The Japanese Heritage of the Pathfinder Wolves

The Pathfinder Wolves are crystal messengers which carry the vibration of a unique or shared soul medicine messages (which we channel). The combination of crystal talisman + soul medicine is intended to help you work with your subconscious mind to support you to let go of limiting beliefs + old patterns that no longer serve you for your highest good, this is often called *shadow work*.

In Japanese, wolves are known as Ōkami 狼 and considered messengers of the Creator. We call them pathfinders for their ability to guide you down new pathways of being and behaviour patterns and because they provide a gateway through which to know your spiritual path.

Japanese wolves:
The story goes that, in the 2nd century A.D. legendary Prince Yamato Takeru (a great ancestor of Emperor Meiji) lost his way in the mountains. Just as the Prince was falling into despair, a white wolf appeared and guided him out of the deep forest, saving his life.

To honour the white wolf that had saved him, the Prince established Shinto shrines dedicated to the wolf gods of the mountain "Ooguchi-no-Magami" - 大口真神. The most famous of these is Mitsumine Shrine (三峯神社) which stands at the top of Mt. Mitsumine in a town called Oku-Chichibu which just happens to be in the prefecture of Saitama where our mother is from!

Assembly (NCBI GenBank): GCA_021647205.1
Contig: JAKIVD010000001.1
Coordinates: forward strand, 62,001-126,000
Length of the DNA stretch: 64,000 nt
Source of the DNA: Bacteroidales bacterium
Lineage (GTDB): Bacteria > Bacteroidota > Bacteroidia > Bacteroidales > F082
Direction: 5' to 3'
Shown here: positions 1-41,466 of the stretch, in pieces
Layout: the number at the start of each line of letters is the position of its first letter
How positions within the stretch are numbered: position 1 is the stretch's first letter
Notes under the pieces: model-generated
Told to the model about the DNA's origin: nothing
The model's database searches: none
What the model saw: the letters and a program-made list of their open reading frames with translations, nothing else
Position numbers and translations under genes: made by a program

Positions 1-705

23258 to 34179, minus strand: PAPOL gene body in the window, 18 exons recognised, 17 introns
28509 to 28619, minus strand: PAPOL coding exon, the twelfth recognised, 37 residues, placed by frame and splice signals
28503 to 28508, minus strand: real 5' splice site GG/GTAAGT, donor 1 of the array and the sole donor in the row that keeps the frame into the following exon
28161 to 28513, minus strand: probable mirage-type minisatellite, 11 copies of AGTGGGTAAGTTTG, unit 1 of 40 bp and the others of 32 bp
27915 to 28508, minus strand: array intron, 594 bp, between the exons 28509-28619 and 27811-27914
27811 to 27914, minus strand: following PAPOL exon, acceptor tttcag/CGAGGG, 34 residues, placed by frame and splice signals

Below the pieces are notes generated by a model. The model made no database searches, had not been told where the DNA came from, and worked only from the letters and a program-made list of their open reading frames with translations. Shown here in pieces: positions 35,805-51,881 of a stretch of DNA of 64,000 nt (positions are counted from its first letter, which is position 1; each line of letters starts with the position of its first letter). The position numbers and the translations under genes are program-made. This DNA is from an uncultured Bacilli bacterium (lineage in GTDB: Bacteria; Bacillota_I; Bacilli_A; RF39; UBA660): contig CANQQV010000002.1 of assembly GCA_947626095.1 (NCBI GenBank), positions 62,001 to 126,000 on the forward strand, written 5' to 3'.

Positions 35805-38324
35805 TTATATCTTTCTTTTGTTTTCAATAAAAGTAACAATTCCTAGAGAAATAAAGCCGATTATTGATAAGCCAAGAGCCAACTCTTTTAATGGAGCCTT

Because of this potent history with the wolf, in Japan, charms (omamori - お守り) and talismans associated with wolves are thought to have protective energies as well as support abundance/fertility.

Sadly, the real Japanese wolves of the story have been considered officially extinct since 1905 due to a policy of extermination by the Meiji Government (although there are some sightings by people now + again so we hold out hope that these apex predators have survived somehow!) but the spirit of these beautiful animals definitely lives on!

The main featured photo is of one of the Wolf Guardians which stand either side of the great Torii Gate at the entrance to Mitsumine Shrine.

Big love Anna + LJ xx